Law enforcement and the judiciary continue to grapple with this new electronic frontier as the unique nature of e-evidence, as well as the ease with which it can be fabricated or falsified, creates hurdles to admissibility not seen with other evidence. Adequate knowledge, skills and capacity to handle electronic evidence have become an important need in Indonesia to promote good governance.  

In support of this, the official kick-off meeting for the Electronic Evidence Handling and Management in Corruption Trials project was held in Jakarta, Indonesia on September 4th, convening representatives from the KPK, the Embassy of the Kingdom of the Netherlands in Jakarta, Kemitraan, LeIP and IDLO. The meeting was organized as both the official start of project activities and for participants to be able to discuss project objectives, expectations of its stakeholders, and how the activities could benefit from Dutch and other international linkages, to supplement the existing relationship with the Netherlands Forensic Institute (NFI).

From left: KPK commissioners Laode Syarif, Saut Situmorang and Basaria Panjaitan; Monica Tanuhandaru, Executive Director of Kemitraan; Rob Swartbol, Ambassador of the Kingdom of the Netherlands to Indonesia.

Mr. Laode Sharief, one of the KPK Commissioners chairing the meeting said that “the relevance of the project was illustrated by a number of current cases getting much attention in Indonesian media.” He cited the fact that 50 per cent of the cases handled by the Commission already involved electronic evidence by 2015, and that figure will only see an increase in years to come.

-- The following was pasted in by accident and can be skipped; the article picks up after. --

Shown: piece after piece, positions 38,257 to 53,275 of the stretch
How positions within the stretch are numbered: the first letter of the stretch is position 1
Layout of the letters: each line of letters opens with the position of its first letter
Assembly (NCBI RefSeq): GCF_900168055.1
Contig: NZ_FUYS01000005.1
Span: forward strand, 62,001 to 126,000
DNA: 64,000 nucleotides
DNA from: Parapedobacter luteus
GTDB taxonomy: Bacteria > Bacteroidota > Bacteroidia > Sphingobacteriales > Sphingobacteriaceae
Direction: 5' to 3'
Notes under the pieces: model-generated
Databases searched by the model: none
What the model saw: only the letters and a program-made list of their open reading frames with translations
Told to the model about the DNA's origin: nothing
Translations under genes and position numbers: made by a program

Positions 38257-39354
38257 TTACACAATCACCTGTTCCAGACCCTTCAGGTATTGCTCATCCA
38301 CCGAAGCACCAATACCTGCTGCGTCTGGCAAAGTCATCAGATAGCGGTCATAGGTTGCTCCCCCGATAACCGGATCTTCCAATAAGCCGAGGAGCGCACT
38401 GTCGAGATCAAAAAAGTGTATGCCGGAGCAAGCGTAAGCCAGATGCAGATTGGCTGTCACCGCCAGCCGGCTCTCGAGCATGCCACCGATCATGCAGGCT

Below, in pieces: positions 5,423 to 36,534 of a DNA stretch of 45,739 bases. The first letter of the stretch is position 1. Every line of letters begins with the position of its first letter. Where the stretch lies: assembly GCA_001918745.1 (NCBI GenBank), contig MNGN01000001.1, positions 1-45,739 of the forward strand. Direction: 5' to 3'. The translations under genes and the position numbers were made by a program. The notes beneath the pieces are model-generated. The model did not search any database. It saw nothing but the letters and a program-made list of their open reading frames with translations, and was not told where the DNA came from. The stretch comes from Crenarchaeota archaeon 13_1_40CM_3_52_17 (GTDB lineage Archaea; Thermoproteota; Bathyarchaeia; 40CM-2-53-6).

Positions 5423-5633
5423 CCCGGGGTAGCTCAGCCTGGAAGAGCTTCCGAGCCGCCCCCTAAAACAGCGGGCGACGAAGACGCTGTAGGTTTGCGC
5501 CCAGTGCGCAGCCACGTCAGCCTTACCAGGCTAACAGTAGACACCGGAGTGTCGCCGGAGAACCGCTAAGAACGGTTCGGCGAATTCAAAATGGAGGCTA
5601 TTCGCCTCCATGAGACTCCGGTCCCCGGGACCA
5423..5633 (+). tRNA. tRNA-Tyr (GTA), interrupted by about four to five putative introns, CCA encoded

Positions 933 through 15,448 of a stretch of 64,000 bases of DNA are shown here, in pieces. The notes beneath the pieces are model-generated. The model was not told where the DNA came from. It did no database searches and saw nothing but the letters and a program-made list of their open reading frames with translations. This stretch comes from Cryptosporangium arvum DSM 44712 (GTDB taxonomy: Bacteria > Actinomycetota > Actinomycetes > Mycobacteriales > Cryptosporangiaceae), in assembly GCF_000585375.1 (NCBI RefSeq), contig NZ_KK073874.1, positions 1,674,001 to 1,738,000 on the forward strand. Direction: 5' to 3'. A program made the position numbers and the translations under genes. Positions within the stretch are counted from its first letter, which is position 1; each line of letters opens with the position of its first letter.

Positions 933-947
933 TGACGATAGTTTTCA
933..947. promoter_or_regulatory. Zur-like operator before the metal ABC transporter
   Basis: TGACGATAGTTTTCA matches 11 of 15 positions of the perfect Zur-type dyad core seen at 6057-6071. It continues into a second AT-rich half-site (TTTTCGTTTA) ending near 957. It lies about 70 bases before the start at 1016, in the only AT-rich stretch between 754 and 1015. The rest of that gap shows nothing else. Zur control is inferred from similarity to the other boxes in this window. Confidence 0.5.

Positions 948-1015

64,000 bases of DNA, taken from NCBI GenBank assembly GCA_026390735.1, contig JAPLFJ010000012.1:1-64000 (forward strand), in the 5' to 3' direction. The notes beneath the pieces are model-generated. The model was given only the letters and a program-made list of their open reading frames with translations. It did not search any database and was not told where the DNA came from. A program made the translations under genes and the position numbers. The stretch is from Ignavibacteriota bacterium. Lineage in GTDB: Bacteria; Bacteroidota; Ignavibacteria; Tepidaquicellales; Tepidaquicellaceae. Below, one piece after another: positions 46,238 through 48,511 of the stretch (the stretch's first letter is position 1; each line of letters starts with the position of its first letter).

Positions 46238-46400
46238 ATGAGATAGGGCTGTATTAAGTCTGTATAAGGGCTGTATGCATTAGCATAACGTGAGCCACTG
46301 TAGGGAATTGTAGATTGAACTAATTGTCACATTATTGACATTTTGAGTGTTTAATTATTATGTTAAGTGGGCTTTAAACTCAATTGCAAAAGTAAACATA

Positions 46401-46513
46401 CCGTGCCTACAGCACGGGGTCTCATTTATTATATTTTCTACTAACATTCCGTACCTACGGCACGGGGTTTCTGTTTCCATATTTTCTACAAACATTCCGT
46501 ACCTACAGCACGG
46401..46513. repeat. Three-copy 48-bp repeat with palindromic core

The relevance of the project was illustrated by a number of current cases getting much attention in Indonesian media

To respond to the pressing needs, the project activities will include a gap analysis of existing legislation, regulations and procedures on electronic evidence in Indonesia with a view to developing a draft umbrella bill in line with international standards and a digital forensic lab to process evidence.

Along with focus groups and public discussions on handling electronic evidence, the project will support the capacity development of law enforcement officers from the KPK, Supreme Court, police force, Attorney General’s Office and Ministry of Law and Human Rights, so as to influence a range of justice actors. Given that electronic evidence is a legal frontier affecting nations worldwide, the project also promotes increased access to international networks, including training at international institutions.  

On a policy level, the project aligns with several main national policies, including those relating to Dutch-Indonesian cooperation.

Electronic evidence [is] an increasingly relevant aspect of the rule of law in both Indonesia and the Netherlands

The Ambassador of the Kingdom of the Netherlands in Jakarta, Mr. Rob Swartbol, remarked that he was “pleased with the project as […] electronic evidence [is] an increasingly relevant aspect of the rule of law in both Indonesia and the Netherlands” as both countries share a “similar legal DNA.” As an outcome, he expressed that “hopefully both countries can learn from each other.”

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Photo: IDLO, Peter De Meij